This past weekend, one of American TV's most successful prime-time dramatic series came to an end.
More than 20 million people watched the finale of ABC's "Lost," which was filmed entirely in Hawaii.
For six years, audiences around the globe tuned in to follow the adventures of the survivors of a plane crash, stranded on a mysterious and dangerous island.
The castaways, who came from many parts of the world, had to learn to live with each other, and their pasts. Each week, the show took them - and viewers - on an emotional and mind-bending roller coaster ride, through a dizzying loop of supernatural forces, armed conspirators and, of course, romance.
Making a run to leave the island in the final episode of 'Lost."
""Lost" is completely groundbreaking," said Henry Ian Cusick, who played the character Desmond. "And I'm so pleased for it because I love mythology and I love sci-fi."
While many fans pondered the mythology of "Lost," others were drawn to its depth. Storylines often touched on matters of fate, destiny, spirituality, the meaning of life, or what it means to be human.
Even though "Lost" featured an evil smoke monster, which terrorized the castaways, executive producer Jack Bender says the show was really more about the monsters within the characters.
"It's ultimately about these people, it's the humanity of the show," he says.
More than 20 million people tuned in to watch the last episode of "Lost."
Over its six-year run, "Lost" won dozens of awards, including an Emmy and a Golden Globe for best drama series.
Michael Emerson took home an "Outstanding Supporting Actor" Emmy for his portrayal of the character, Ben Linus. He credits the writers for much of the show's appeal.
""Lost" seems to me the best and most successful and logical use of a multicultural cast on television, seems organic," says Emerson. ""Lost" plays to our taste for mysteries and puzzles in a really good way."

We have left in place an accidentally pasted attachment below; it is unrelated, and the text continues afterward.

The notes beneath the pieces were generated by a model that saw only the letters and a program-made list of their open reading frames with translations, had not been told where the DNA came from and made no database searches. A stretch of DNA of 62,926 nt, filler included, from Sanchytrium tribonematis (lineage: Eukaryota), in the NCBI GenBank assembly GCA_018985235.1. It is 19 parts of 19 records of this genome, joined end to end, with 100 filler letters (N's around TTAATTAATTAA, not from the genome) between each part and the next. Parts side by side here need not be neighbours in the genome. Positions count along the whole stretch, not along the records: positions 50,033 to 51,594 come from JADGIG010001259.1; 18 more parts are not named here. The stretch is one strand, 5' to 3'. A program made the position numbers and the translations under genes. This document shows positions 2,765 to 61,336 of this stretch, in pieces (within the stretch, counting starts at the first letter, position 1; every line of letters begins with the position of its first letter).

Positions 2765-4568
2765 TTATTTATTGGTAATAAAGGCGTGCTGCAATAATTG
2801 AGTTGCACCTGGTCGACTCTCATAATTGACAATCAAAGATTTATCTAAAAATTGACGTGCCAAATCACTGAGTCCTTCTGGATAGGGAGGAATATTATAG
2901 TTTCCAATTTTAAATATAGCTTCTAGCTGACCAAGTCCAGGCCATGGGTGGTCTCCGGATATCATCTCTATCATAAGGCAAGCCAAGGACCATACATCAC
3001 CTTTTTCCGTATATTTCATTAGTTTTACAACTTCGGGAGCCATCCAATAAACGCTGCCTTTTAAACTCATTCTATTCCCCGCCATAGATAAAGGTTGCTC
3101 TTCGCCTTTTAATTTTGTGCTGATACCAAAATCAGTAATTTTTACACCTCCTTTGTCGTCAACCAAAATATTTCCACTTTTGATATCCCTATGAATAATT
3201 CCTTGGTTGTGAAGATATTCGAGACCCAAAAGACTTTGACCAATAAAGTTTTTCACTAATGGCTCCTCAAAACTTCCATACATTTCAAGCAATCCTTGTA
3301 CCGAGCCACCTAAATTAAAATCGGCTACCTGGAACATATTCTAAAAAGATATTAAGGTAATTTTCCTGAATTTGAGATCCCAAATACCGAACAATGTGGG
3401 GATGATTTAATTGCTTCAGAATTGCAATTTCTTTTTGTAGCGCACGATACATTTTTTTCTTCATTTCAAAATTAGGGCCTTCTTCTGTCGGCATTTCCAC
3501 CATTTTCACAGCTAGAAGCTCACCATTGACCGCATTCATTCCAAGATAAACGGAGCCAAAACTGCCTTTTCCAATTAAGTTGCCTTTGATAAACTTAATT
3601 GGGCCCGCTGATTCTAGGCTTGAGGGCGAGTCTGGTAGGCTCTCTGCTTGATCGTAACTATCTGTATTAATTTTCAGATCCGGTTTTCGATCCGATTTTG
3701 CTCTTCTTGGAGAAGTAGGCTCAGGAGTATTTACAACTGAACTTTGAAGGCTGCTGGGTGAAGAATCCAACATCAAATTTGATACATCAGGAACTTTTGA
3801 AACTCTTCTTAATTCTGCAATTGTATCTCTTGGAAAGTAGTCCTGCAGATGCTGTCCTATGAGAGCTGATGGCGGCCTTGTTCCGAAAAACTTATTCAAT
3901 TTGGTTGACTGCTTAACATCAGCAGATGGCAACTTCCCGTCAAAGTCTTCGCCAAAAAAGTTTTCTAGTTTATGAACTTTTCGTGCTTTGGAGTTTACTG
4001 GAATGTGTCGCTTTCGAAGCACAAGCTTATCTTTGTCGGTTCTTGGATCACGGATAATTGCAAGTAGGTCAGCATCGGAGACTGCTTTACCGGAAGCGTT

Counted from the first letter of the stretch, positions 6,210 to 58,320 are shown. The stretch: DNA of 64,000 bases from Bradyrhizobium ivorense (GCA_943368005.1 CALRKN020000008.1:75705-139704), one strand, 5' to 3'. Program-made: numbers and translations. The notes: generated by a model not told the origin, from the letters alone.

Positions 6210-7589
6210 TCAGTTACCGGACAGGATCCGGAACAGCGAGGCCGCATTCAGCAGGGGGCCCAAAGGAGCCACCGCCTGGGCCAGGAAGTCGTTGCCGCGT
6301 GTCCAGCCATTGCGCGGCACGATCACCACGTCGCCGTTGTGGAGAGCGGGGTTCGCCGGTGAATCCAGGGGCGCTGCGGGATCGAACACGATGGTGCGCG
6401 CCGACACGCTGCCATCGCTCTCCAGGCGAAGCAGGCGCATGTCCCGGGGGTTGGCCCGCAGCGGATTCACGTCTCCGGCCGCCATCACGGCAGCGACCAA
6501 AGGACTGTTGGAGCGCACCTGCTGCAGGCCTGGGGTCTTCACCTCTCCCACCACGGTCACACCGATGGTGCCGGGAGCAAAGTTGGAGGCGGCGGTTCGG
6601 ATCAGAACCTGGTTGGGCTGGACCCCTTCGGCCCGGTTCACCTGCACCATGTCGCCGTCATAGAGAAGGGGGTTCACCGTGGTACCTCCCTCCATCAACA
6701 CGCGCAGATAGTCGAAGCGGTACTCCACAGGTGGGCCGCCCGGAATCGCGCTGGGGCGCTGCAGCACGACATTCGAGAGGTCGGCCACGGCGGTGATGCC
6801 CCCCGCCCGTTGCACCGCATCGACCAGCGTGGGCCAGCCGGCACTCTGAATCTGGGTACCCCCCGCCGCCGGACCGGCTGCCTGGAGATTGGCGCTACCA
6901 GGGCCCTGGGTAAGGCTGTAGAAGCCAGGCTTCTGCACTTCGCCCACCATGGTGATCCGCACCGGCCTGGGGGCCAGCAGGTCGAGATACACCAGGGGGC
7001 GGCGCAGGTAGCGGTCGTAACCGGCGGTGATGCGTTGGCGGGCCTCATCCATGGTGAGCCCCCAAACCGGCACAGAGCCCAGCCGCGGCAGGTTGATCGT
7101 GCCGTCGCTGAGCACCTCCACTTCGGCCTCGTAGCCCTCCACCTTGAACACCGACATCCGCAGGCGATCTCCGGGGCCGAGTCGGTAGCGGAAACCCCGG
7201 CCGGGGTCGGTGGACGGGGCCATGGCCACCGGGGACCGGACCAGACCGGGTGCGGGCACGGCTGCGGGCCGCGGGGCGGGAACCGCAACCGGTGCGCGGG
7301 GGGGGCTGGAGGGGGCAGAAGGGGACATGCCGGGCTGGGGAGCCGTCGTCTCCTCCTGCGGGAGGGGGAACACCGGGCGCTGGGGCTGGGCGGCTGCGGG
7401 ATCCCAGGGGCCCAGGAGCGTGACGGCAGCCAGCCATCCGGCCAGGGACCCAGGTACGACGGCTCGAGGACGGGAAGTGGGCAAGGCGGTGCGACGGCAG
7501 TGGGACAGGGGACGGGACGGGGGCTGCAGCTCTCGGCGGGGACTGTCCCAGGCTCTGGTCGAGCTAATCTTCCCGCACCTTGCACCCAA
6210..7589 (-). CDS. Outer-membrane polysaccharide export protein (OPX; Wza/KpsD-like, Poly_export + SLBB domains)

Critics credited "Lost" with sparking a resurgence in serialized dramas, and inspired other networks to embrace more diversity in their casting. It was the first prime-time TV show to feature characters speaking in their native language with English subtitles.
"I think it's changed the landscape of television," says Jean Higgins, one of the show's executive producers, who believes the series inspired other shows, through its storytelling and diversity. "I think a lot of them are really derivative of "Lost.""
Jack (Matthew Fox, left) battles to save the island on the final episode of 'Lost.'
The end of "Lost"
With so many viewing choices, getting audiences to tune in to a serialized drama each week is no easy feat, yet "Lost" managed to hold onto a huge, loyal fan base.
Damon Lindelof, one of the show's creators, says getting ABC to announce an end date for "Lost" three years in advance, gave them time to carefully craft the plot line leading to the finale.
"The idea of thinking about life after "Lost" or life without "Lost", is incredibly bittersweet," he says. "But at the same time, I think that we're all thrilled that it's ending. The fact that the show is now coming to an end, and we're ending it on our own terms as opposed to the show is being canceled, or went on three or four years after it should have, really generates this tremendous excitement."
For cast members like Jorge Garcia, who played Hurley, filming their final shows together was poignant.
"Coming in this season, shooting has been really cool, but kind of feels like your senior year, where you're really appreciative," he says. "And you know the sadness is coming, but you're not there yet. Right now, you're just kind of enjoying everybody and just soaking everything in again."
Fans can keep on soaking it in. "Lost" continues in syndication, on DVD and on countless Websites devoted to the extraordinary adventure.